Winning sure looked easy at Oklahoma when there was a group of NFL-bound stars scoring points at a record pace and playing for the national championship.
Once those stars were sidelined, there was a dose of reality for the players charged with taking over. Instead of cruising right back to the BCS, the Sooners last year suffered through a five-loss season filled with injuries but also with lessons.
"We had a sense of entitlement going into games on Saturdays," said quarterback Landry Jones, who was called upon to replace 2008 Heisman Trophy winner Sam Bradford. "Just because we were OU and Oklahoma, we were going to win games, and kind of lost where we came from in hard work and preparation."
Entering their season opener Saturday night against Utah State, the No. 7 Sooners are hoping to right what went wrong from the very start last season.
Along with Bradford getting injured at the end of the first half, Oklahoma played an undisciplined first game of the season in losing 14-13 to BYU. A new offensive line committed penalty after penalty, receivers dropped passes and the defense finally broke down late when it simply couldn't afford to do so.
"If you go out there and see a bunch of guys jumping offsides and grabbing and holding and falling on the ground, which it was last year in the opener, then we haven't made strides," offensive coordinator Kevin Wilson said Tuesday. "If you see a cleaner deal, maybe we're making progress. If we keep building and playing that way, maybe we can be a strong team."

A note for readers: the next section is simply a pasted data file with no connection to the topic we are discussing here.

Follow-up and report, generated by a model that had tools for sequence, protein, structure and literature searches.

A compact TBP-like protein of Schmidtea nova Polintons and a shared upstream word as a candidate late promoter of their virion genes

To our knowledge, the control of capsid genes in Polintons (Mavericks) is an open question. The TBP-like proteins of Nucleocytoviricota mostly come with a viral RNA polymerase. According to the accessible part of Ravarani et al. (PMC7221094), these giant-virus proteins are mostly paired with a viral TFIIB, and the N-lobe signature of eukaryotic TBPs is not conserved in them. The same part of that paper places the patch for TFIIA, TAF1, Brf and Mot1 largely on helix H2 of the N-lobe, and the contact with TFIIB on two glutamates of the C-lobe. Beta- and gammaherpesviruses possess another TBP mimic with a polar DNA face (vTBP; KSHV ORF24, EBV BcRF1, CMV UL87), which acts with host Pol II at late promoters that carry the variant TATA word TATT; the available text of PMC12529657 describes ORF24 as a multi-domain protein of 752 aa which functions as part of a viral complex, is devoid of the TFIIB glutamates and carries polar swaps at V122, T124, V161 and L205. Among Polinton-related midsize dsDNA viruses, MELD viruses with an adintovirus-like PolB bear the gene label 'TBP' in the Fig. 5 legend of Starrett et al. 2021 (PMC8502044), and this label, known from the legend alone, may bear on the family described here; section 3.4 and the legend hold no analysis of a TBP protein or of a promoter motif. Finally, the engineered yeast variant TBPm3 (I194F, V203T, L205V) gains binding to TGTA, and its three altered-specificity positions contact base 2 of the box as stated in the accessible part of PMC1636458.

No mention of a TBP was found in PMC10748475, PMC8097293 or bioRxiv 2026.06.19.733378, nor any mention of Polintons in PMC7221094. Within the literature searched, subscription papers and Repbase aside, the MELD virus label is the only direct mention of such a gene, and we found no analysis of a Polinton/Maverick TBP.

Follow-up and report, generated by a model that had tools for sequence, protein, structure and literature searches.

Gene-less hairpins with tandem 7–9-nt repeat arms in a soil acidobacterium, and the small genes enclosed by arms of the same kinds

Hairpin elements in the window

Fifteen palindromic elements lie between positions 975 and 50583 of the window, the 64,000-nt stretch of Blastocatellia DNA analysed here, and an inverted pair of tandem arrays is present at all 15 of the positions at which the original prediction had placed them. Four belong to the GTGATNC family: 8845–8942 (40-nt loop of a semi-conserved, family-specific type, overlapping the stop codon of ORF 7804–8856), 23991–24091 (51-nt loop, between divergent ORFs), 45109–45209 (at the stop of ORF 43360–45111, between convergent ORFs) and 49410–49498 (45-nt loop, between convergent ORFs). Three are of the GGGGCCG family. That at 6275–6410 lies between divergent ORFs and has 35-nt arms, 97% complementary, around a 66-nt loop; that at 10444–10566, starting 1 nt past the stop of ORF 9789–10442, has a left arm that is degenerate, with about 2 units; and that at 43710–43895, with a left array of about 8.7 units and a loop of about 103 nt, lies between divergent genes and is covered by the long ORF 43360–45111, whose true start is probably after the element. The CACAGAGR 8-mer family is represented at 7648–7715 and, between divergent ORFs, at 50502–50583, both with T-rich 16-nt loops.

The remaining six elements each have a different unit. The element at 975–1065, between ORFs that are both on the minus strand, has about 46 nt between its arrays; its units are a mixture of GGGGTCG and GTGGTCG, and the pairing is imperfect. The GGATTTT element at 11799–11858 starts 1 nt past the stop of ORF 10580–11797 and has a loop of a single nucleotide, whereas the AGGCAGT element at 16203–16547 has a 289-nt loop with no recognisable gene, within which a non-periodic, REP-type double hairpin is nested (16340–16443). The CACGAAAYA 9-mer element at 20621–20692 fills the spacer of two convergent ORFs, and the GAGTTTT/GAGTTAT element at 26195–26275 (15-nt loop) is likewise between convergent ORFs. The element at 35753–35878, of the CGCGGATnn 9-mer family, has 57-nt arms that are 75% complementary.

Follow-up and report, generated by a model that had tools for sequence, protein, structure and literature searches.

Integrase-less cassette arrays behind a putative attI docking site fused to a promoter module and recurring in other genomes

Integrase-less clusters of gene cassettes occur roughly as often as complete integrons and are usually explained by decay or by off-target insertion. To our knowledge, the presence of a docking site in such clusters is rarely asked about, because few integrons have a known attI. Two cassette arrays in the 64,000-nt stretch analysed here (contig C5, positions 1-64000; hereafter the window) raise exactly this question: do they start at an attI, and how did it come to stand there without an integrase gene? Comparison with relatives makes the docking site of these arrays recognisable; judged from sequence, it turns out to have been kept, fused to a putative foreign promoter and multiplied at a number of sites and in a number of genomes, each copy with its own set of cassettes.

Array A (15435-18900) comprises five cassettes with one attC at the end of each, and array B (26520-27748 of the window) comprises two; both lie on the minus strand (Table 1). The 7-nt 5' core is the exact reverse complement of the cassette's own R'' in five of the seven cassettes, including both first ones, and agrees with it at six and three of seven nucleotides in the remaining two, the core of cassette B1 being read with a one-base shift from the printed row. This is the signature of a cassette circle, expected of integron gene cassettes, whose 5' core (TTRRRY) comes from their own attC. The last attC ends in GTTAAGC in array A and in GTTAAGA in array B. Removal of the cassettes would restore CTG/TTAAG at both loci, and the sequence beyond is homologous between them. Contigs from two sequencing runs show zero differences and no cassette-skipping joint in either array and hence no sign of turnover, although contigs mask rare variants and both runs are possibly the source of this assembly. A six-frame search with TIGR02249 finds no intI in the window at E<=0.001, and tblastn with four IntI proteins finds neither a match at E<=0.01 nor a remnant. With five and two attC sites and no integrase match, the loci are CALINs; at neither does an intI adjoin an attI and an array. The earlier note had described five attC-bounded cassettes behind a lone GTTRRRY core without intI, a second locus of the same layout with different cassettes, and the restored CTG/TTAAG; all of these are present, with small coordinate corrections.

Wilson questioned whether tight ends Trent Ratterree and James Hanna had a "sense of urgency" to be ready to play right away since they entered training camp behind a proven superstar in Gresham. But suddenly, when Gresham was hurt just days before the opener, both were thrust into playing roles.
Jones followed in replacing Bradford, and the trend kept going. Due to injuries, no offensive player started every game for the Sooners last season.
Now, any backup on the team should realize what can happen in the blink of an eye.
"It kind of just made us a little hungrier, made us want to work harder and it opened our eyes a little bit," Jones said.
The Sooners don't figure to face the same sort of challenge in this year's opener, considering that this time they're much healthier, facing an unranked opponent and doing so on a home field where they've won 30 straight games. But regardless of who's on the other sideline, they want to be performing at a much higher level coming out of the gate.
"Everyone wants to talk about the other team, and for us it's really about us," coach Bob Stoops said. "It's really focusing on how well can we play. How well can we execute? Will we take care of the football and be responsible with the ball? Will we remain penalty-free and do the things to execute cleanly and to play as well as we're able to play?"
They haven't played any games to prove it yet, but the Sooners are encouraged by the body language, attitudes and work ethic shown so far in practice.
"Being here at Oklahoma, we're known as being champions and stuff like that, and last year we had kind of a disappointing season as far as to what standards we wanted to meet," Jones said.
"We couldn't just go through the motions in practice and stuff like that and show up on Saturday and win games. We actually have to work for stuff and we have prepare like champions if we're going to be called champions."